8. I’m going to guess that by “intense” CIO Sears meant not the length or frequency of the crying, but the intensity. There’s a huge difference between a baby fussing or even crying, and a baby who is clearly in distress (screaming bloody murder and/or vomiting on himself).

  9. I “listened” to this chat as well – searching for insight to the sleep problems for my little ones. I was really disappointed. Neither one really said anything new they haven’t said before. Weissbluth, in particular, seemed like he was cutting and pasting sections from his book.

    • @Renee Sorry you are still searching for answers for your little one. I hope you find a solution, soon! Thank you for commenting!

      @Jeannette Good point. I always thought Dr. Sears (and son in this case) would be against any cry it out, even if it was “just” crying and not intense crying, so that’s what surprised me. Thanks for commenting!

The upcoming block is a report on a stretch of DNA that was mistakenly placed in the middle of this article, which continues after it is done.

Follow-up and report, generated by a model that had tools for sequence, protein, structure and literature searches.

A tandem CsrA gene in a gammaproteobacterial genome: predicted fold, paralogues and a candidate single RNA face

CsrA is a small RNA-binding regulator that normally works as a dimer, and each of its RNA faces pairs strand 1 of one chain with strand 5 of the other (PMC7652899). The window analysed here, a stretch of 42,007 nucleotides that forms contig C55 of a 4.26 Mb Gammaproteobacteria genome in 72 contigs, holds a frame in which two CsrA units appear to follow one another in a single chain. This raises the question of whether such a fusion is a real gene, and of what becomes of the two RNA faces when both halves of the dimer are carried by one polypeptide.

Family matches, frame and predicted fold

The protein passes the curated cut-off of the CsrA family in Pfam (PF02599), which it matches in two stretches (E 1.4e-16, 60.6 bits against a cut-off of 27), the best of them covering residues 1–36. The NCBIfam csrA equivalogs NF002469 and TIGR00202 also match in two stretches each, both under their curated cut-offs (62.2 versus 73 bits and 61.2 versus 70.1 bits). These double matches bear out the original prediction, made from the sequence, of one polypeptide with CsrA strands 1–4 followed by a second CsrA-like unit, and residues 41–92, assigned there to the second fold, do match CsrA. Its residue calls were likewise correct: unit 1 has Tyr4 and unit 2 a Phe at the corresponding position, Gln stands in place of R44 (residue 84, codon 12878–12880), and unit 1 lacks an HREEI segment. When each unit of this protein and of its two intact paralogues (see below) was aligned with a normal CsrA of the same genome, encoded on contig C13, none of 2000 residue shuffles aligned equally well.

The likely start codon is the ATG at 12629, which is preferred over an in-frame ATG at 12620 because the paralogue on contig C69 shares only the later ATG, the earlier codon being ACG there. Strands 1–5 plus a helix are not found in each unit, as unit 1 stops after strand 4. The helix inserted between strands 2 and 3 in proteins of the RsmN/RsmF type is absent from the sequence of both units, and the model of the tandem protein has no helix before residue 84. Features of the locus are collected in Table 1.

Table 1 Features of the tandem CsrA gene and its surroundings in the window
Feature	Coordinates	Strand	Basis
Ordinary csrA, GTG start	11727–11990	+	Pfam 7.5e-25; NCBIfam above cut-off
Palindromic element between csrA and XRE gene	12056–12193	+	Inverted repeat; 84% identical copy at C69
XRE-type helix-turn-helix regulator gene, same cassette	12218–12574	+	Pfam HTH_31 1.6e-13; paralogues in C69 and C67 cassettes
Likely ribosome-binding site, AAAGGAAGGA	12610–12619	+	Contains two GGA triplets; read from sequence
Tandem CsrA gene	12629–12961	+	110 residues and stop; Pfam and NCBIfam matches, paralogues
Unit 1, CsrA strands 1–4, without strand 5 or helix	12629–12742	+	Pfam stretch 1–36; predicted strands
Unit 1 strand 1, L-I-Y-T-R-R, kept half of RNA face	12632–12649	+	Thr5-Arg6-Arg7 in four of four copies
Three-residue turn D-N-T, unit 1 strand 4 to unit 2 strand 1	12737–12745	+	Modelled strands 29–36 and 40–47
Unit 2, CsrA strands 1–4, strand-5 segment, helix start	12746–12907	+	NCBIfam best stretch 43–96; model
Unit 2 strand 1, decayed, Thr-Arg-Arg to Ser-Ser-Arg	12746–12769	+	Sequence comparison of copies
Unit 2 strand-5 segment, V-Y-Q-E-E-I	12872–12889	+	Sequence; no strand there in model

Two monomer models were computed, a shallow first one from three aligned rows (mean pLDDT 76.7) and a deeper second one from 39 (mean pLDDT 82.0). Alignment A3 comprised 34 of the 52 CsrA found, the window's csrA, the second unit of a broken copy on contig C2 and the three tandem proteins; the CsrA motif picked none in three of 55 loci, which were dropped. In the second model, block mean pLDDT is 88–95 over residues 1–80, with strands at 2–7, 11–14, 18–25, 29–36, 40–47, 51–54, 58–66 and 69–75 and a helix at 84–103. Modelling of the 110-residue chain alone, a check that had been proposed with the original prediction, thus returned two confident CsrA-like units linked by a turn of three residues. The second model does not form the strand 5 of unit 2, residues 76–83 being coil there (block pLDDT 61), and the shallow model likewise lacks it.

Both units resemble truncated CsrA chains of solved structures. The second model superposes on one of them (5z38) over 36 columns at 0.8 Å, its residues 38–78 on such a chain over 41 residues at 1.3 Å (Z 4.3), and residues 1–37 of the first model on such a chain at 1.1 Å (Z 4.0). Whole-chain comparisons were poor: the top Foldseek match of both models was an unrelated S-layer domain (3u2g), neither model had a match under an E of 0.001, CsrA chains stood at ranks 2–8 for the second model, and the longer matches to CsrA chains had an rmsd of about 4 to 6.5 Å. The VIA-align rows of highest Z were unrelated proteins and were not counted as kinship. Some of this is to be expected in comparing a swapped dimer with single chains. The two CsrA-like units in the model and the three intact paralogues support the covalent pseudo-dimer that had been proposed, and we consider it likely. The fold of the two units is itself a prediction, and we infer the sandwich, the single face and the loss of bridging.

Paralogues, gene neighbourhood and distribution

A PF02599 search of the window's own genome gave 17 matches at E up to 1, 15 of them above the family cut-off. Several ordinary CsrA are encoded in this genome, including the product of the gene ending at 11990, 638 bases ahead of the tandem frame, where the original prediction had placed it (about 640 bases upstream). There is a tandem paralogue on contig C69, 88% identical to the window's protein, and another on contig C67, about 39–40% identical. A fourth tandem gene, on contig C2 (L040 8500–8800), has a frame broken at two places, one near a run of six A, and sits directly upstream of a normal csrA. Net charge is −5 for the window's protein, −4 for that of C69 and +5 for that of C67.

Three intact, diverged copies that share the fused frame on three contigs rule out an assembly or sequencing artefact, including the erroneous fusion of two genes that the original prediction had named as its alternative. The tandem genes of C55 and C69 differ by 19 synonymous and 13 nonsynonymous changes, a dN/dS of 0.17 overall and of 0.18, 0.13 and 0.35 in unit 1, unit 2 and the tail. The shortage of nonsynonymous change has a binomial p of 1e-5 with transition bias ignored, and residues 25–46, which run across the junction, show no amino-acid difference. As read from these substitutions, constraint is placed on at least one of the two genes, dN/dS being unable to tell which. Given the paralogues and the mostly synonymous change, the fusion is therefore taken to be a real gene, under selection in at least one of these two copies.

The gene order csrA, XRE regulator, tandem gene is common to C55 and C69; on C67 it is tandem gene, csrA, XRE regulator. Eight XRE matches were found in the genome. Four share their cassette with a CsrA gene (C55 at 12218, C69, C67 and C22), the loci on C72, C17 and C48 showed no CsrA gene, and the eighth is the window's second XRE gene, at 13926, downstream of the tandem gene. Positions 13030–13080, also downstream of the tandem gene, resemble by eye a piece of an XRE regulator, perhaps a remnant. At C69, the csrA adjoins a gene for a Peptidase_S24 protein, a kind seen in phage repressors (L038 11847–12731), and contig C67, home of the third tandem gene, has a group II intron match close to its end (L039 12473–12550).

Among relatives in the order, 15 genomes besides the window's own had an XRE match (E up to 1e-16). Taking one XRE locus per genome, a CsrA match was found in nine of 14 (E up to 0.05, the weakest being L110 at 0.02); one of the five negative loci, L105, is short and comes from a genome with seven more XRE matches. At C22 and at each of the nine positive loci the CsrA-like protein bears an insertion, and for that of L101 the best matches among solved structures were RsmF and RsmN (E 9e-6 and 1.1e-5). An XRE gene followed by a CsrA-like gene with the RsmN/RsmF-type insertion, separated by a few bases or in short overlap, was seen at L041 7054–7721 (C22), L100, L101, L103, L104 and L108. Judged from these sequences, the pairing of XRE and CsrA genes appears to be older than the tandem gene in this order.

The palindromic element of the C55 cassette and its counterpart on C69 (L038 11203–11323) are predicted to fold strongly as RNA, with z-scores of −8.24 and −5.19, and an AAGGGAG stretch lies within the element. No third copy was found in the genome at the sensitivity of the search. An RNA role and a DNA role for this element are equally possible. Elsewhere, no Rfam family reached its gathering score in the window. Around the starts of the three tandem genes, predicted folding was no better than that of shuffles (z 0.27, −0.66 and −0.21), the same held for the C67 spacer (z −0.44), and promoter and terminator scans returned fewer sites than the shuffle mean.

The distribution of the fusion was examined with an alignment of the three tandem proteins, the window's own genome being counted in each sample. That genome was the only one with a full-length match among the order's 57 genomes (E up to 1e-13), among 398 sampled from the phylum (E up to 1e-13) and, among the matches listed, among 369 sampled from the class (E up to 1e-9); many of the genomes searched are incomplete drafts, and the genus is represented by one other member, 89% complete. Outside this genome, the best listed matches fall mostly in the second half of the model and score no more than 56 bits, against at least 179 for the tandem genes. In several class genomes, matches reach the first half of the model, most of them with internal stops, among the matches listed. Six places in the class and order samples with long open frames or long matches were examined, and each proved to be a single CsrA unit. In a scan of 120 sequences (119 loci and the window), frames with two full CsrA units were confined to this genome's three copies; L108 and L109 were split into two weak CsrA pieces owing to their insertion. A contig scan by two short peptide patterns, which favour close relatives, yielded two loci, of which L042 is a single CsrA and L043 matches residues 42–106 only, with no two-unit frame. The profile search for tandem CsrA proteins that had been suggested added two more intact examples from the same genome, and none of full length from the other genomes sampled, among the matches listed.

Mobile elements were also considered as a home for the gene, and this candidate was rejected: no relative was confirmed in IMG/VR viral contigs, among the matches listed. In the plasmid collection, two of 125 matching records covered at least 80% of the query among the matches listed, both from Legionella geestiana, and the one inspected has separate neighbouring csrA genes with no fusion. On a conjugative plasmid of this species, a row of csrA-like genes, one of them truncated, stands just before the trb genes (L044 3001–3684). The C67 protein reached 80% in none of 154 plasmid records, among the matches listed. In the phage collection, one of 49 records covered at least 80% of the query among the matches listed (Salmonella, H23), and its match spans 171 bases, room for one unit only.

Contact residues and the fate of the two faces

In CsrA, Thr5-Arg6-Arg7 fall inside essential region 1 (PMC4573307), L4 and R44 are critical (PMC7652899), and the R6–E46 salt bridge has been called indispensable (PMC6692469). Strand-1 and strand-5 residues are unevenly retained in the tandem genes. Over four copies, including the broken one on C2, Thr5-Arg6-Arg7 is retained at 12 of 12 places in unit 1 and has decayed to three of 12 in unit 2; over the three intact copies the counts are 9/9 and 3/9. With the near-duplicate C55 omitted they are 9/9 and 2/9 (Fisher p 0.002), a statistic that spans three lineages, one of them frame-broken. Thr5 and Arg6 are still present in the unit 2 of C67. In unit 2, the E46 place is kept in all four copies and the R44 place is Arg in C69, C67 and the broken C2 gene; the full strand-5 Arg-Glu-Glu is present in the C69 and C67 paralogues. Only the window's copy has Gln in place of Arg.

@Jessica I tried to be as fair as possible. I had criticisms for both doctors and also said that Dr. Sears had good advice at least twice. I think both doctors are good at what they do, but just had some key issues I wanted to address in this specific chat. Dr. Sears happened to say a couple of things that were “extreme” that seemed very basic to me based on talking to parents every day. I only lean towards Weissbluth because I feel Dr. Sears (and son) tend to be a little more judgmental about other philosophies that don’t match theirs, but I actually felt Dr. Sears was very good to say that this is about a parenting choice. I believe that both “no cry” and “cry it out” and everything in between have the right place and the wrong place, and it depends on the family and situation in question. I help clients every day with attachment parenting and sleep training as you can read from the article I mentioned in the article. I tried very hard not to “pick apart” anyone and tried to educate readers on these key issues. Thank you for commenting!